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G7 operation begins with arrests and fake news claim

The UK’s fourth-largest force is in full operation as the G7 summit begins. Eight people have already been arrested for protest-related offences and a bomb hoax.

Operation Trelawnwy has begun with a series of arrests linked to attempts to disrupt the G7 summit.

Devon and Cornwall Police revealed operations had already resulted in people being taken into custody.

Seven people were arrested after two vehicles were stopped just a few miles from the main G7 site in Carbis Bay.

Two vehicles were stopped and searches uncovered items including paint, smoke grenades and loud hailers.

A 30-year-old man from London, a 20-year-old woman from Wales and a 20-year-old man from Bournemouth were arrested on suspicion of an article with an intent to cause criminal damage.

Two men from London aged 25 and 27 plus a 45-year-old woman also from London and a 26-year-old woman from Epsom were arrested on suspicion of conspiracy to cause public nuisance.

The force has spent months engaging with protest organisers and created sites for them.

But the commanders also ran a media campaign ahead of the event warning officers would be pro-active in dealing with attempts to disrupt the event or local residents’ travel.

A force statement said: “We continue to support the facilitation of safe and legal protest but criminal activity and public disorder will not be tolerated.”

In a separate operation, a 20-year-old man from Falmouth has been arrested on suspicion of a bomb hoax and has been taken into police custody.

The man was arrested yesterday afternoon close to the area being used to facilitate G7 summit media.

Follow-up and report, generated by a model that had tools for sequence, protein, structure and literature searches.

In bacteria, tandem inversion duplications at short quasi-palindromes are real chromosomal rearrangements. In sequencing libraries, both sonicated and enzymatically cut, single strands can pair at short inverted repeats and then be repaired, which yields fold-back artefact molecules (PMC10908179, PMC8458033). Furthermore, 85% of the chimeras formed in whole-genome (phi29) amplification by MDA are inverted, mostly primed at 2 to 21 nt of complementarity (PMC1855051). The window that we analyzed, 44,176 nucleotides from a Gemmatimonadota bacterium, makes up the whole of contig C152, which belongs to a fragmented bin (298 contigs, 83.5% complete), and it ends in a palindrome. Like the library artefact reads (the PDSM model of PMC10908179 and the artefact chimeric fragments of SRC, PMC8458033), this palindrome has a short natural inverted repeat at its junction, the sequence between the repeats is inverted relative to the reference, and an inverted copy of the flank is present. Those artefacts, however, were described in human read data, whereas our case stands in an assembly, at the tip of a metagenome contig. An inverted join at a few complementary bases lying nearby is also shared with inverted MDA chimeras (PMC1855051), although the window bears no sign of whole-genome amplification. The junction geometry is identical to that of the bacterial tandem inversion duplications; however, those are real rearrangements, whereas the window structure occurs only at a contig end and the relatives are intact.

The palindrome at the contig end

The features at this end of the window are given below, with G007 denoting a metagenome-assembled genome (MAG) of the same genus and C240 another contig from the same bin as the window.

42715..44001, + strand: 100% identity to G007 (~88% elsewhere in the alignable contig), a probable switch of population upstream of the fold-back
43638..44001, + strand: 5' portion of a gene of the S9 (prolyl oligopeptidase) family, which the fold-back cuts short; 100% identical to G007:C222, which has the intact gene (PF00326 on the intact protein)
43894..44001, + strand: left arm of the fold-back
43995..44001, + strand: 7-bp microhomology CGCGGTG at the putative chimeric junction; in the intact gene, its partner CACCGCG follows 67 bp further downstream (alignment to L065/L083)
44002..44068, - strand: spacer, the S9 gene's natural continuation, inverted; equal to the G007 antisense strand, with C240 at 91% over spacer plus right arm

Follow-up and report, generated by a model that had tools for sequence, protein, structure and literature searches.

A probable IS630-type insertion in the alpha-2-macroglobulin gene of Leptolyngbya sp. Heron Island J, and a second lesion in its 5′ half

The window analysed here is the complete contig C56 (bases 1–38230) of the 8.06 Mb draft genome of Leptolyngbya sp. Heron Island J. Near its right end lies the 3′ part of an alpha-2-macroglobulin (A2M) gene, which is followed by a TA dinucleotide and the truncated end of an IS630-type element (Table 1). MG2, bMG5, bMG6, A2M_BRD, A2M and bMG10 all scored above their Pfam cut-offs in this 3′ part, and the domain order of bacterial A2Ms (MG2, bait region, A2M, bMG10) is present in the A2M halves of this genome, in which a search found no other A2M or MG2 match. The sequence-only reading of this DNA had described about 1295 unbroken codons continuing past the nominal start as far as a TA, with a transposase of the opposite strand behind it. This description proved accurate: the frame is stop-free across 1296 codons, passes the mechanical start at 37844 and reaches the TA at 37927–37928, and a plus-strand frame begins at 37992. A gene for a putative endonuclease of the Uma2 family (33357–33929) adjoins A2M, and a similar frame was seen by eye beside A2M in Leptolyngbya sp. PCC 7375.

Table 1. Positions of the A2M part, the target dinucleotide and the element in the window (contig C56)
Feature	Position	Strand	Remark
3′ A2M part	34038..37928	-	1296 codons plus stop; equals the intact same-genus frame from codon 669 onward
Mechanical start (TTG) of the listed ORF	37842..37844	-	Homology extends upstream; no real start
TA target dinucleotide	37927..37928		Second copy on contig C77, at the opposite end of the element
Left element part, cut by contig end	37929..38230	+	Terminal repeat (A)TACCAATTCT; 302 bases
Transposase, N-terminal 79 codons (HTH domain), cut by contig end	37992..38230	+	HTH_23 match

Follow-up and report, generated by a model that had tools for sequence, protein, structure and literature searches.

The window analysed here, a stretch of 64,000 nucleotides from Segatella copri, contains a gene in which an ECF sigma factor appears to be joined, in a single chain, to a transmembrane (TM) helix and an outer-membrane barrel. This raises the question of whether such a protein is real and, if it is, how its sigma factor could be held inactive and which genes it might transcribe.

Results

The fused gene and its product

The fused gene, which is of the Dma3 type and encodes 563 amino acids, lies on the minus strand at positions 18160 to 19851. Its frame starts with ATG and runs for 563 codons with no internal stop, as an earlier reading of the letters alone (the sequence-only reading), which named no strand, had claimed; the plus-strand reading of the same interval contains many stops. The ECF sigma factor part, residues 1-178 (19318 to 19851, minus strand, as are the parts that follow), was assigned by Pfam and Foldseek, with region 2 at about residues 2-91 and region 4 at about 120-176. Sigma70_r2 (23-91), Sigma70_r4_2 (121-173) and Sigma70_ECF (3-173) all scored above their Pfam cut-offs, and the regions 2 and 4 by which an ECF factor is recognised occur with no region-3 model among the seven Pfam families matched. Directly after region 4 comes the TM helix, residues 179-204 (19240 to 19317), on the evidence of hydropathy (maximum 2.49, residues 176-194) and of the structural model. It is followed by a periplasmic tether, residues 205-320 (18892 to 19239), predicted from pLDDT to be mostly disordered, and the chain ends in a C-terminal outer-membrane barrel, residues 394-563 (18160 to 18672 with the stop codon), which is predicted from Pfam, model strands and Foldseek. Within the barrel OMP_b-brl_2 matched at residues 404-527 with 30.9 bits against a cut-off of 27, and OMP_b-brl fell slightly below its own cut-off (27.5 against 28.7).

Officers were called in following reports of a suspicious package having been located in the grounds outside a hotel in Falmouth.

To maintain public safety, the area was evacuated as a precautionary measure and a 100-meter cordon was put in place and 100 people evacuated.

Following assessment from the Royal Navy Explosive Ordnance Disposal (EOD), the device was declared not viable and therefore safe.

A force statement said: “We currently believe that this was a suspected hoax incident and a criminal investigation has been launched.”

Fake news has also been countered; a social media statement rebutted claims of an outbreak of COVID-19 on the ferry billeting hundreds of officers.

“We’re aware of claims there had been a COVID-19 outbreak on the ferry being used to accommodate officers.”

Just one has tested positive and 12 are self-isolating.

The force also revealed the depth of activity being supported through mutual aid. Radio operators from Gloucestershire Police are working alongside local colleagues in the bespoke incident command centre set up for the event.

Police Scotland has sent 400 officers, in convoy as part of the operation.

Co-ordinating the teams has been a critical issue and the Police Federation revealed months of work have gone into the planning.

Clive Knight, the Police Federation’s lead for mutual aid, told Police Oracle: “We all work for the same aim. The key is communicating the outcome you want early and clearly – and the earlier you do it, the better the outcome.”

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